MSU reviewing NCAA letter for response
East Lansing – The National Collegiate Athletic Association has formally opened an investigation into the Michigan State athletic department, a university spokesman confirmed Tuesday night.
The NCAA sent a letter of inquiry to look into how Michigan State handled the case of Larry Nassar, the sports doctor who sexually assaulted dozens of young women and has spent the last six days hearing more than 100 victims make statements at his sentencing hearing.
“I can confirm the NCAA has sent the MSU Athletics Department a letter,” spokesman Jason Cody said in a text to The News. “I have not seen it. MSU is reviewing it for a response.”
The delivery of the letter of inquiry was first reported by the New York Times.
“The NCAA has requested information from Michigan State about any potential rules violations,” said Donald M. Remy, the association’s chief legal officer, told The Times.
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According to NCAA bylaws, “It is the responsibility of each member institution to protect the health of and provide a safe environment for each of its participating student-athletes.”
Nassar’s case has drawn comparisons to that of Jerry Sandusky, the former Penn State University assistant football coach who was found guilty in 2012 of molesting boys on campus. He is serving a 30-year to 60-year sentence in prison.
Three university officials, including president Graham Spanier, were sentenced to prison for failing to report Sandusky to authorities.
The NCAA reached a consent decree with Penn State in 2012 over the scandal that resulted in the earmarking of a $60 million fine to be spent on child abuse programs, led to a temporary reduction in football scholarships and a two-year ban from playing in post-season bowl games, among other penalties.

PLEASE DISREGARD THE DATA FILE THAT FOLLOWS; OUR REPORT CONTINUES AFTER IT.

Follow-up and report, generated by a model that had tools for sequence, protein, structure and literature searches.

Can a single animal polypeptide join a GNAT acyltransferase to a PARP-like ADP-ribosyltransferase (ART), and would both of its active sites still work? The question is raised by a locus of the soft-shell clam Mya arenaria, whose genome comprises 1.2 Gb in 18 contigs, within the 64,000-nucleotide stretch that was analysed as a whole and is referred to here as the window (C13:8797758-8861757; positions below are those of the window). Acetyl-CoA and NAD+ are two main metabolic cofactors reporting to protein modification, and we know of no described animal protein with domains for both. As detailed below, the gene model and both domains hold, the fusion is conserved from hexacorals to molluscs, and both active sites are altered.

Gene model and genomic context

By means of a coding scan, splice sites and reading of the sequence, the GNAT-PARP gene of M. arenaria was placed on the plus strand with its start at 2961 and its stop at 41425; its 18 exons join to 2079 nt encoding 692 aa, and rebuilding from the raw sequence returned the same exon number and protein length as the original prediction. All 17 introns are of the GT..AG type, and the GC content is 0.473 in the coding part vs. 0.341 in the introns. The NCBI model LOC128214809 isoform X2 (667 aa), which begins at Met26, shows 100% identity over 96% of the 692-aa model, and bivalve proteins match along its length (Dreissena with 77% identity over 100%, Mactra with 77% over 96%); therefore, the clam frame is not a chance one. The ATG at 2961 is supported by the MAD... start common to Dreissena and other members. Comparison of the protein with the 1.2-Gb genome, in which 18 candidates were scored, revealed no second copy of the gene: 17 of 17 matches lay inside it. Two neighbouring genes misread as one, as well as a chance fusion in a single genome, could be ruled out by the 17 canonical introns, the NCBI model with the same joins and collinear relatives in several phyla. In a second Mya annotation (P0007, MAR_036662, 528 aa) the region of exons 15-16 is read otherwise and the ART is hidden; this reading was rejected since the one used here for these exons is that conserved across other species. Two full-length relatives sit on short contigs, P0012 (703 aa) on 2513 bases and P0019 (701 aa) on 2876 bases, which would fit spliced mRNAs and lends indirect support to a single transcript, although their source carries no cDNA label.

The NCAA investigation of MSU comes five days after a Detroit News investigation found that reports of sexual misconduct by Dr. Larry Nassar reached at least 14 university representatives in the two decades before his arrest. No fewer than eight women reported his actions.
Nassar, 54, was a respected osteopathic sports doctor at MSU and USA Gymnastics who treated some of the nation’s most prominent Olympic athletes.
Former MSU women’s gymnastics coach Kathie Klages, who led the program for 27 seasons, was told in 1997 by some youth program gymnasts about sexual assaults.
Larissa Boyce was a 16-year-old high school student in Williamston when she began seeing Nassar after hurting her back in a youth gymnastics program at MSU. She says Nassar assaulted her and told another coach who advised her to talk to Klages. She is considered the first person to report Nassar.
“She said I must be misunderstanding what was going on,” said Boyce, now 37.
Boyce said she remembers what Klages said about filing a report.
“She said, ‘I can file this, but there are going to be serious consequences for you and Nassar,’” Boyce said. “I said I didn’t want to get anyone in trouble.”
Klages retired in February after victims came forward through lawsuits and declined to be interviewed by The News.
Also among those notified was MSU President Lou Anna Simon, who was informed in 2014 that a Title IX complaint and a police report had been filed against an unnamed physician, she told The News.
“I told people to play it straight up,” Simon said last week, “and I did not receive a copy of the report.”
Among the others who were aware of alleged abuse were athletic trainers, assistant coaches, a university police detective and an official who is now MSU’s assistant general counsel, according to university records and accounts of victims who spoke to The News.
He has pleaded guilty to assaulting nine girls in Ingham County but faces more than 150 civil suits that also involve MSU and others. He is already sentenced to 60 years in prison for child pornography in federal court and still faces sentencing for seven counts of criminal sexual conduct.
In a response to a request for information from Michigan Attorney General Bill Schuette, former federal prosecutor Patrick Fitzgerald, who led an internal MSU inquiry into the Nassar case, wrote: “While many in the community today wish that they had identified Nassar as a predator, we believe the evidence in this case will show that no one else at MSU knew that Nassar engaged in criminal behavior.”
MSU’s Cody has said the university responded vigorously once Nassar’s crimes came to light in 2016. He said campus police took 135 reports of criminal sexual conduct and executed a search warrant that contributed to Nassar’s convictions.
Staff Writer Kim Kozlowski contributed